If Abraham Lincoln were alive today, he would surely be telling stories, helping us recall our roots, identity, aspirations, and “better angels.” Likely disappointed, he would not be resigned, perhaps more parental – as in his day.
Lincoln would not like our tendency to bombast, cut each other down, and rewrite our past. He saw lots of that, knew where that led, and warned us against it.
Lincoln’s was a rare temperament, but one – if we chose – we could adopt, even today. And by that simple act, we would teach those around us what is possible.
Could we? We could. Think about it. Who lived with more frustration than Lincoln? Came from more poverty? Rose with more resolve and good cheer?
Who suffered more with chronic melancholy, mother gone at nine, wife wrestling depression, and three children lost in childhood – yet carried on?
Who suffered more attacks for his love of both freedom and equality and educated his countrymen unto death? Who was more vilified for his beliefs, yet did not yield –rather like his farmer father and just kept at it, cultivating the field?
One day, reported a friend, Lincoln, returned from a meeting. Given to pondering, he mused. “I don’t like that man…I must get to know him better.”
There you have the essence of Lincoln. He knew his mind, history, and purpose. He knew power and limits. He knew too, and we can, the value of his fellow man.
Lincoln – under pressure all his life, self-taught, slow to anger, quick to stories – knew too what he did not know. By all reports, even detractors, he was humble.
What do you get from a person who sees themselves as no better than others, dutybound to teach and to learn – schooled on biblical lessons, a child when the Founding Fathers still walked the Earth, who always felt himself blessed?
You get a leader – someone so confident, so ready to improve, that he can be magnanimous, at ease, ready to embrace danger, unafraid to learn from a stranger.
Lincoln’s finest trait may be his uncanny appreciation for where he lay on the great arc of our nation’s history. No words say it better than his Gettysburg Address.
Recalling for his time and ours the arc and power of understanding, he wrote: “Four score and seven years ago our fathers brought forth on this continent, a new nation, conceived in Liberty, and dedicated to the proposition that all men are created equal.”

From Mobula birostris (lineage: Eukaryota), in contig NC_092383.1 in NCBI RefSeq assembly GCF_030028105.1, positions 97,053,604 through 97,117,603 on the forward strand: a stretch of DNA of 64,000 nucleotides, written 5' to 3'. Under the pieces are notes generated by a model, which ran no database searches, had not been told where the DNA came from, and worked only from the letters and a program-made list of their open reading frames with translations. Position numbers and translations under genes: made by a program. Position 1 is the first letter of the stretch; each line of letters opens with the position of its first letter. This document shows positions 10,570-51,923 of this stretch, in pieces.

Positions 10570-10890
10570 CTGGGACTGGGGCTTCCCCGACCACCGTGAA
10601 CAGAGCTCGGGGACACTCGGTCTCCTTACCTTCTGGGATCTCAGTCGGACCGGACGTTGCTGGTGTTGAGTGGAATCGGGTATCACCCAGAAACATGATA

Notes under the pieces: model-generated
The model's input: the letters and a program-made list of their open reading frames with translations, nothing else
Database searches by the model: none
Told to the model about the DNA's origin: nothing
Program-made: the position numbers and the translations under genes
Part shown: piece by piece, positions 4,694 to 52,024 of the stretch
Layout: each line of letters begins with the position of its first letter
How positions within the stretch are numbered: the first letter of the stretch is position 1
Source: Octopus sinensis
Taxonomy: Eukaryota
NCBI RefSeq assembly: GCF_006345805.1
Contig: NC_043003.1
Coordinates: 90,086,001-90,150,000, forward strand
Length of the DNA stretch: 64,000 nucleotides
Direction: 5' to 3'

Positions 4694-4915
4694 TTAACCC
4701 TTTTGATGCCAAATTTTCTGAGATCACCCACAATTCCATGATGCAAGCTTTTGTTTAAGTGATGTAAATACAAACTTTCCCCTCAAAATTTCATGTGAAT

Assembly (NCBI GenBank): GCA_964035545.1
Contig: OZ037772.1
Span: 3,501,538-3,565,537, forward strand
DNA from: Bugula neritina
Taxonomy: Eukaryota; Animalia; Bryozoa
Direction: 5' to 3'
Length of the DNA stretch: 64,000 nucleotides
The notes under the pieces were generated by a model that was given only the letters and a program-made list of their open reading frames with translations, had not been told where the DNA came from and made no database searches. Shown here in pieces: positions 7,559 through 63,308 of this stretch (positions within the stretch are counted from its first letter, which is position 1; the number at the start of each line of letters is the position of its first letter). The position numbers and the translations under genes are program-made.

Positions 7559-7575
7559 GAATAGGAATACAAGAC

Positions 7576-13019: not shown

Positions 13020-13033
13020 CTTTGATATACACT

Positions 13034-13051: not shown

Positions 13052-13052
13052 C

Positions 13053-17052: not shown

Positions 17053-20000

Tell me, is there a better way to place us on that great arc, reminding us it all began in a noble place, and so listen closely to what is due – what that means for you?
He explained, mid-war, what the battle meant, the significance of so many dying within sight of where they all stood. He explained so they could not forget.
The conflict ahead was life-and-death for the Republic. It was “testing whether that nation, or any nation so conceived and so dedicated, can long endure.”
Why specifically there? “We are met on a great battlefield…to dedicate a portion…as a final resting place for those who here gave their lives that that nation might live.” They were there to think, pray, and give thanks.
Lincoln then checks himself. In doing so, he checks his audience. “In a larger sense, we cannot dedicate, we cannot consecrate, we cannot hallow this ground. The brave men, living and dead, who struggled here, have consecrated it, far above our poor power to add or detract.”
Put differently, then and now, the willingness to die for freedom and equality, to risk all you have for this blessed Nation, is without parallel. It exceeds all words.
Words are just words, easily forgotten, utterances on the wind, but “the world…can never forget what they did here.” And we must never forget.
As if turning to speak to us – now eight score years since that day – Lincoln then said this: “It is for us the living, rather, to be dedicated here to the unfinished work which they who fought here have thus far so nobly advanced.”
Then: “It is rather for us to be here dedicated to the great task remaining before us – that from these honored dead, we take increased devotion to that cause for which they gave the last full measure of devotion, that we here highly resolve that these dead shall not have died in vain, that this nation under God shall have a new birth of freedom – and that government of the people, by the people, for the people, shall not perish from the earth.”
Lincoln gave those words thinking we would understand them, recall, ingest and digest them, accept and believe them – as he did, as those standing before him did.
So, what do his character, temperament, and the Gettysburg Address mean today? It means digging deeper and thinking harder. It is a plea to all of us to lift our eyes, hearts, and minds higher and rededicate ourselves to preserving the future, as Lincoln did. That is it, nothing more, nothing less.
Robert Charles is a former Assistant Secretary of State under Colin Powell, former Reagan and Bush 41 White House staffer, attorney, and naval intelligence officer (USNR). He wrote “Narcotics and Terrorism” (2003), “Eagles and Evergreens” (2018), and is National Spokesman for AMAC.
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